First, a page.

Changes to the planning system can make it easier for high streets to adapt to prevailing trends in how we live, work and shop.
The Government is currently looking for ideas to revive high streets. Squeezed incomes, the rise of online shopping and the growth of out-of-town retail parks are all factors which have changed the nature, and indeed the point, of high streets. This is a problem across the Western world – one of the first policy programmes of the Macron Government was Action Coeur de Ville: a €5 billion plan to regenerate over 200 town and city centres across France, with new opportunities for retail, work and housing – but there also some national characteristics to our high street malaise.
One of these factors is the restrictions that are placed on how certain buildings on a street can be used. Planning use classes divide England’s land and buildings – planning is a devolved matter so Scotland, Wales and Northern Ireland have their own systems – into certain uses (e.g. shops, offices, residential) that can generally only be changed when planning permission has been granted.
There are many good reasons for the planning use class system. No one would want their next door neighbour to have the automatic right to turn their home into something like a chemical treatment plant. But it is also the case that the system has been a brake on the ability of high streets to adapt to prevailing trends in how we live, work and shop. This is because planning applications take a lot of time and they are unpredictable and expensive. There is also a question of whether a local planning department can say with accuracy why a certain building should be one use instead of another (i.e. is there greater need for an office or a shop?).
Just as exemptions on business rates give charity shops an economic advantage, so does the planning use class system protect certain types of buildings from being used another way. If we want high streets to have relevance to the 21st century, it is right to look again at how parts of the system work. In other words, what sorts of high street premises should be protected, if any at all?
This is a central question of the Government’s consultation on how planning reform can support the high street to adapt and diversify. As well as asking about issues such as whether planning permission should be needed for an existing buildings to be extended upwards if that delivers new homes, they are considering whether it should be easier to change typical high street premises to other uses such as leisure, office or residential. In particular, the Government is asking whether hot food takeaways should be allowed to change to residential use without needing planning permission. This follows from the introduction of permitted development rights – which give the right to change use between certain classes without requiring planning permission – for residential conversions from uses such as offices and shops several years ago.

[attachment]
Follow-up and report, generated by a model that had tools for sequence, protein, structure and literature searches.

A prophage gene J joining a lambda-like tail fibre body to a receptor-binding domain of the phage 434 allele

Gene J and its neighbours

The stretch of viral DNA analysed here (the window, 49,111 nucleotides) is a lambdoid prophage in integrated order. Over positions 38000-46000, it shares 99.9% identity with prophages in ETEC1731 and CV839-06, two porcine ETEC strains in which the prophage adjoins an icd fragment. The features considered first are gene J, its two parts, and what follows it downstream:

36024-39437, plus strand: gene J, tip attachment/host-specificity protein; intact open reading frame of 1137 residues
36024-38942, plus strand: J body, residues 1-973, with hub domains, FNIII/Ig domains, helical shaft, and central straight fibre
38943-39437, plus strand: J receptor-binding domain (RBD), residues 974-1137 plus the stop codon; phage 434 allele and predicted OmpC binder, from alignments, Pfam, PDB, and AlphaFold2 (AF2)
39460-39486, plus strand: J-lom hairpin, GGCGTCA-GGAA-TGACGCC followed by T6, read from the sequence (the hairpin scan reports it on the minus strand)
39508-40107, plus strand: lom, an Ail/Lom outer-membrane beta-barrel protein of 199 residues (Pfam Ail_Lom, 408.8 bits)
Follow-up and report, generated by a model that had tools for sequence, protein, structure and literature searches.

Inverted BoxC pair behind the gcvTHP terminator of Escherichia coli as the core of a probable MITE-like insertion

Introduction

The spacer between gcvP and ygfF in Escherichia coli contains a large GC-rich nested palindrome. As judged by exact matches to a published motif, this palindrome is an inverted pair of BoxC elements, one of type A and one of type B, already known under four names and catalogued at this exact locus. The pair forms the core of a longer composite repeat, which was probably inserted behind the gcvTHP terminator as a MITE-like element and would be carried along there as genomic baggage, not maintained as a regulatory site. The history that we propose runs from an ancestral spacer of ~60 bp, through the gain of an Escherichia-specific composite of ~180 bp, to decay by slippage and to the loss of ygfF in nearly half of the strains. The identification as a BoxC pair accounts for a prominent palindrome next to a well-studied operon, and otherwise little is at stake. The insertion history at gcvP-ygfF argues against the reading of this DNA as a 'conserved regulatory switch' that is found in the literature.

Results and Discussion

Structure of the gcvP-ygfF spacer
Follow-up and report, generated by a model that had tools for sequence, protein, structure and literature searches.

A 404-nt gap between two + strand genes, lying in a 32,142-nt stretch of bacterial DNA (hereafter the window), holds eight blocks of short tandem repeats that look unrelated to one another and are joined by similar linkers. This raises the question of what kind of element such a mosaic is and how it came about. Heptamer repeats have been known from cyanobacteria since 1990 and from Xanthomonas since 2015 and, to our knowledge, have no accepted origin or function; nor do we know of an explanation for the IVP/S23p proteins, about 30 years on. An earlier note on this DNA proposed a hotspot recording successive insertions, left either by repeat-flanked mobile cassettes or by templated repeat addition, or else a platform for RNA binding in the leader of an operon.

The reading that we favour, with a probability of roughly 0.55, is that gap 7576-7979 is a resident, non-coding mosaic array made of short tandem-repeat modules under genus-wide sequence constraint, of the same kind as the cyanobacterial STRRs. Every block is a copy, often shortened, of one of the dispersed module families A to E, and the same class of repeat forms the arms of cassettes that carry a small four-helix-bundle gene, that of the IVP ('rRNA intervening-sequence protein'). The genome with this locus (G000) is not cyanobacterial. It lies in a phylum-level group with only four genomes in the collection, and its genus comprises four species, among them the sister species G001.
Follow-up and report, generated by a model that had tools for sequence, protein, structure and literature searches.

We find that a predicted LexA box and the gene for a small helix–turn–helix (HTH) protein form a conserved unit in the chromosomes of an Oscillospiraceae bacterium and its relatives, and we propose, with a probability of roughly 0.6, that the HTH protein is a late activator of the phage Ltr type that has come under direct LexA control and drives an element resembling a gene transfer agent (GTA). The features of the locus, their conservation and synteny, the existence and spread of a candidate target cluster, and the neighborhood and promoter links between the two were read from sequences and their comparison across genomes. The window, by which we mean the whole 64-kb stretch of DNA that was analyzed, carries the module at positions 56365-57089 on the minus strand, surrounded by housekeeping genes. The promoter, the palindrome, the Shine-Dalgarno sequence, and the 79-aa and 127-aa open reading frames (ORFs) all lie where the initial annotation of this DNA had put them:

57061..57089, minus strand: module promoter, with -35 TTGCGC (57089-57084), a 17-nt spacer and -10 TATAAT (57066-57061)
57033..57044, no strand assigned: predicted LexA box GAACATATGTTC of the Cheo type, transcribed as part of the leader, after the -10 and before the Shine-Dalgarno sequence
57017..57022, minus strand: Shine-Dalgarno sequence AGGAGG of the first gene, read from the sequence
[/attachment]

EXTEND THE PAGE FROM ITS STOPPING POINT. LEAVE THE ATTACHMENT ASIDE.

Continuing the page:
In Policy Exchange’s response to Government’s consultation, as reported in the Mail on Sunday, we have supported this proposal. It would provide greater flexibility on high streets as they respond to trends in retail and the economy, also delivering more homes in town and city centres where lots of people like to live, while supporting a revival of the sort of mixed-use high streets people love and want. It would also make it easier for hot food takeaways in residential areas to be converted into homes – which are often unpopular with local residents for their smell and noise, and which often stay open late into the night.
Yet, as we write in our response to Government’s consultation, there is an issue that should be met when this policy is implemented and that is build quality. As the creation of the Government’s Building Better, Building Beautiful Commission (inspired by Policy Exchange research) indicates, too much new development is ugly and takes away from the value of an area. It is essential that hot food takeaway premises converted into homes do not follow this same process.
When a premise is converted into a home, this will naturally bring private investment. The owner will spend money on fixtures and fittings and the new home will need to meet expectations of prospective renters or buyers. The premise will also have to meet full building regulations as other new homes must. But there are more safeguards that Government should introduce.
First, proposed developments should have to give regard to nationally described space standards as part of tests for prior approval. Currently homes built via the permitted development route do not need to meet these standards. They have been able to do this because size is not a matter for building regulations, and nor is it one of the tests that local authorities are allowed to consider when a developer applies for prior approval. Critics of the permitted development policy have claimed that this means the whole system should be abolished. But rather than throwing the baby out with the bathwater, the obvious answer to a loophole is to close it.
Secondly, the Government should consider whether matters of design and style should also be tests for prior approval. Rightly there is a concern over the look of homes and streets. One way to raise design quality would be by asking that due regard is given to guidance on the quality of street frontage. The Building Better, Building Beautiful Commission could make recommendations to this end. The aim must be making it as easy and certain as possible to improve the beauty of the built environment via the permitted development route. Doing that, and providing new homes in mixed-use high streets, will help to make more pleasant places to live, work and shop across the country.